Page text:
5 students and it would be very difficult to run a camp or put on a show, say nothing of financial viability. 205 students and it would be very difficult to run a camp in our current spaces; putting on a show would mean lots of kids in smaller roles which might not be satisfying to them. In 2014 it was a question for a while whether camp would have the minimum number of kids to even run (I had said 15) In 2015 our numbers climbed from 19 to 27 in Oregon and 35 to 43 in Vermont. While it may not affect us in 2016, it's worth asking what number might be the most healthy range for these camps (as it is run now, though there are other models out there). FEEL FREE TO ANSWER THIS QUESTION -BEFORE- YOU READ MY THOUGHTS BELOW; ALTERNATIVELY, YOU'RE WELCOME TO SEE WHAT I FACTOR IN AS I THINK ABOUT THIS QUESTION IF IT INFORMS YOUR RESPONSE. 1) THE KIDS' EXPERIENCE. Does it help or hurt the camper experience to have 40, 80, 120 in the cast, or does that vary based on the camper? Does having 70 peers to potentially bond with help the social aspect or is that overwhelming and less cohesive? 2) THE SHOW ITSELF I try to write shows that can work with 20 folks but are written with 40-60+ in mind, with room for more (for example, if stage space weren't an issue, I'd be fine with a dozen gossipers, 10-20 councillors, and as many animals and soldiers as we can costume. However, there wouldn't be more leads. 3) THE VENUE AND WHAT IT CAN HANDLE In Vermont, the Chelsea town hall I believe would begin to crack at the seams around 70, possibly fewer. In Oregon anything over 90 might start to be an issue (I don't imagine we'll have that problem in 2016, but who knows). 4) STAFFING Although I'm not bound to this, I imagine a 1-10 to 1-15 staff-camper ratio. Increase in campers would necessitate an increase in staff. 5) BIG ONE FOR ME: EXCLUSION At Inspirations Camps, would we ever want to be in a place where we told a kid who was within our age range, 'Sorry, you can't come to camp because we're full.' ? Could we ever feel justified saying 60 is something we can work with but we just can't work with 61? (On the flip side, if our policy was that we took everyone that applied, we'd have to be prepared to run a camp 61 or 85 or 143). My idea now is to have a soft cap and a firm cap: on our website say 'we're open to _____ campers BUT have 5-10 campers' worth of wiggle room in case we get some parents / campers for whom we feel this camp would be a magical experience; that said, I wouldn't tell one camper no then another yes after that; it would be first-come first-served, and once the hard camp was hit it would be done.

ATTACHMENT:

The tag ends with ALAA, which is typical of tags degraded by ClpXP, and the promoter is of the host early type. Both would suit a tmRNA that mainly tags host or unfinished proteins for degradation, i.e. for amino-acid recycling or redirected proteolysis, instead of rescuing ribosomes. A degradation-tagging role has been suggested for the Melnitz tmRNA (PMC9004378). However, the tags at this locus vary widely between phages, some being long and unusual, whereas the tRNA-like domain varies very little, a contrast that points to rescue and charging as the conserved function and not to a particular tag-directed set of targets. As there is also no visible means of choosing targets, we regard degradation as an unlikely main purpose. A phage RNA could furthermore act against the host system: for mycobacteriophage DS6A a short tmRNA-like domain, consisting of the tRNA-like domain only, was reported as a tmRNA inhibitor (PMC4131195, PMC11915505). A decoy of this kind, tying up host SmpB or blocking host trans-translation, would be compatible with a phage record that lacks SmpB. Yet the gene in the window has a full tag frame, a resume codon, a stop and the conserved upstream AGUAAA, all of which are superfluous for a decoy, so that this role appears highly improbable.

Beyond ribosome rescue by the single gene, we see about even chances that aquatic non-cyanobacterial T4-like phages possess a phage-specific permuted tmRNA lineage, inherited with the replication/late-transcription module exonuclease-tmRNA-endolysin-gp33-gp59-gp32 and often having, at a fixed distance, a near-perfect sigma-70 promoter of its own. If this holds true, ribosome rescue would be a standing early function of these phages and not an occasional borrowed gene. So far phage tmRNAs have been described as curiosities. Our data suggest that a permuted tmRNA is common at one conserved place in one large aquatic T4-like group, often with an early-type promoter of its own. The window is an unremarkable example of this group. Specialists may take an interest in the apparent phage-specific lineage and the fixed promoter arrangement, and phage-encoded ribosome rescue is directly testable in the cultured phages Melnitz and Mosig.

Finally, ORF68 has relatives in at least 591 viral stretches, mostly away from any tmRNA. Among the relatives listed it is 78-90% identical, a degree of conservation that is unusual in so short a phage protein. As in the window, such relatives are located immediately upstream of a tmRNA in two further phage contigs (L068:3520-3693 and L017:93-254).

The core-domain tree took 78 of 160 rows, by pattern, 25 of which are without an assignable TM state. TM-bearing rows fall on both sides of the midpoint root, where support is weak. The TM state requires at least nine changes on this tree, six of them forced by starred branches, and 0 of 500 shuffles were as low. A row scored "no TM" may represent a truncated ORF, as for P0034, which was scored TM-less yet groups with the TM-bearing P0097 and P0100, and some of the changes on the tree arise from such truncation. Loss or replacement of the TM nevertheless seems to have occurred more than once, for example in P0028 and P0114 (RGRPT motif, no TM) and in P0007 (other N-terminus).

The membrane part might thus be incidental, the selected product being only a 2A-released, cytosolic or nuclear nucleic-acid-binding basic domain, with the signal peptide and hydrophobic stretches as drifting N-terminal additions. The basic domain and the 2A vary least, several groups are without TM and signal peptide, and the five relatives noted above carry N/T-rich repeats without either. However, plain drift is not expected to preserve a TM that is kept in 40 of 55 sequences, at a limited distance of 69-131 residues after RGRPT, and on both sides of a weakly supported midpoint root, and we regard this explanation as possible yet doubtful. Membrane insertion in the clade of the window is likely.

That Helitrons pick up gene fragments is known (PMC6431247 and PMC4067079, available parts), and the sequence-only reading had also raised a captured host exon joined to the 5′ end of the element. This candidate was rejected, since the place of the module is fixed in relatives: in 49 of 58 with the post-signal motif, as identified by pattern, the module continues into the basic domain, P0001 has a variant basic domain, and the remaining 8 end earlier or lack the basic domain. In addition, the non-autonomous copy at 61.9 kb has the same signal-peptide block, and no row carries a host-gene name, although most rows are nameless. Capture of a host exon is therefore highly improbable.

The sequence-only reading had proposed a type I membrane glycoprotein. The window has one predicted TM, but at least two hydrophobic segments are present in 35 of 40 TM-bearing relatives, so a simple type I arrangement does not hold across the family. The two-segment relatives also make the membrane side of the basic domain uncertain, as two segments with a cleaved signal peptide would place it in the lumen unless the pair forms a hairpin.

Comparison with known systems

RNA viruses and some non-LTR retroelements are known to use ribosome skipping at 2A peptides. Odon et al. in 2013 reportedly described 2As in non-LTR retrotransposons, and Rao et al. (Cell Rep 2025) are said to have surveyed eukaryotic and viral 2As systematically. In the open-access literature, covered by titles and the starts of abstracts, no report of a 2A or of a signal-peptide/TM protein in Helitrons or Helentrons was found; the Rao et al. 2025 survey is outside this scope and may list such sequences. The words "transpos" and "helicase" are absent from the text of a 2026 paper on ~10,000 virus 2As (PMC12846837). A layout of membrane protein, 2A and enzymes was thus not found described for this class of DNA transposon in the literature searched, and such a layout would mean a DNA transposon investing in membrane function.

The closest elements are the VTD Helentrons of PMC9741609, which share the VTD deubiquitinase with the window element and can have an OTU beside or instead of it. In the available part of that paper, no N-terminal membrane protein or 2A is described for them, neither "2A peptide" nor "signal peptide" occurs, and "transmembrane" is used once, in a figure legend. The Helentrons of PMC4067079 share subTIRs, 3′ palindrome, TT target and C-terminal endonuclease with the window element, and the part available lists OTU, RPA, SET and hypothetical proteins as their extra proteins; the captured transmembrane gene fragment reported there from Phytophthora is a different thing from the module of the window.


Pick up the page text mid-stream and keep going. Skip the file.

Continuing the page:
Feedback welcome on how to give out roles at camp: Do we do it based on what some would call objective talent in acting or singing, or do we try to give roles based on the experience we believe that child could have in that role, regardless of their perceived talent? Do we approach each year and show fresh based on the kids we have, or do we try to balance things between years (for instance, so-and-so had a big role in 2015 and so-and-so II had a smaller role, then switch those up in 2016 to promote balance)? How much dedication (if any) do we have to the objective quality / watchability of the final performance, and how does that affect casting decisions? For example, would we knowingly put someone in a role who couldn't sing in pitch if we knew there was someone else who could sing in pitch? Finally, how do you feel about this camp being admittedly ageist in our casting (right now, leads open only to those 12 and up with an occasional exception for an 11-year old), the idea being that kids, as they age, can have a reasonable expectation of getting bigger roles as the years pass? Alternatively, if we weren't ageist, how would we feel about a very talented 8-9 year old in a lead role while a 13-year old carried a spear and had one speaking line?
This is a place to remind me of things you feel we've done well this past year or two and you would recommend continuing. THIS IS IMPORTANT BECAUSE I MIGHT NOT BE CONSCIOUS OF SOME ASPECT OF CAMP THAT YOU SEE AS A STRENGTH, AND I COULD UNKNOWINGLY ALTER IT. For example, you might say, 'I'm really glad we have a spacious lunch recess of 50 minutes--it really helps the kids unwind.' That's good for me to hear, because I might have thought 35 minutes was more than enough, and the kids were getting bored. You needn't be comprehensive (for example, 'I really appreciate having enough chairs at camp' probably wouldn't be the most constructive feedback--unless that truly is one of your top 3 or 4), but if you can pick 3-4 things that would be great to hear.
What are 2-3 things, if any, you feel we could do better or you could see changing to better meet the needs of the campers, the show, the parents? (If you have any staff role-specific comments, it would be easiest if those could be included in the 'staff role' question above).
If you have any ideas for how I might bring what I do in a way that better meets the needs of the campers, the show, the parents, you as staff members, or the camp in general, you're welcome to write it here BUT PLEASE KNOW for me hearing it in real time with ability to ask clarifying questions is about 900% more helpful than written feedback. If you're so moved, I'd welcome a 5-10 minute phone call where you let me know what's on your mind, and I listen with interest and clarifying questions, not debate on my end.
Staying in the Loop if you Wish
Thank you for your feedback; for me, you are now officially finished with your 2015 camp staff role. However, if you'd like to hear what other staff members have come up with or be part of the shaping of the 2016 camp experience, please indicate this in the appropriate box below. If you don't mark a box, I'll assume you don't want to be in the loop, and I'll simply be in contact once the 2016 program has been set and we are exploring the staffing picture. [If you do request to receive the staff feedback or be part of the discussions, make sure you've put your name in the top line of this form, otherwise I won't know who to send things to]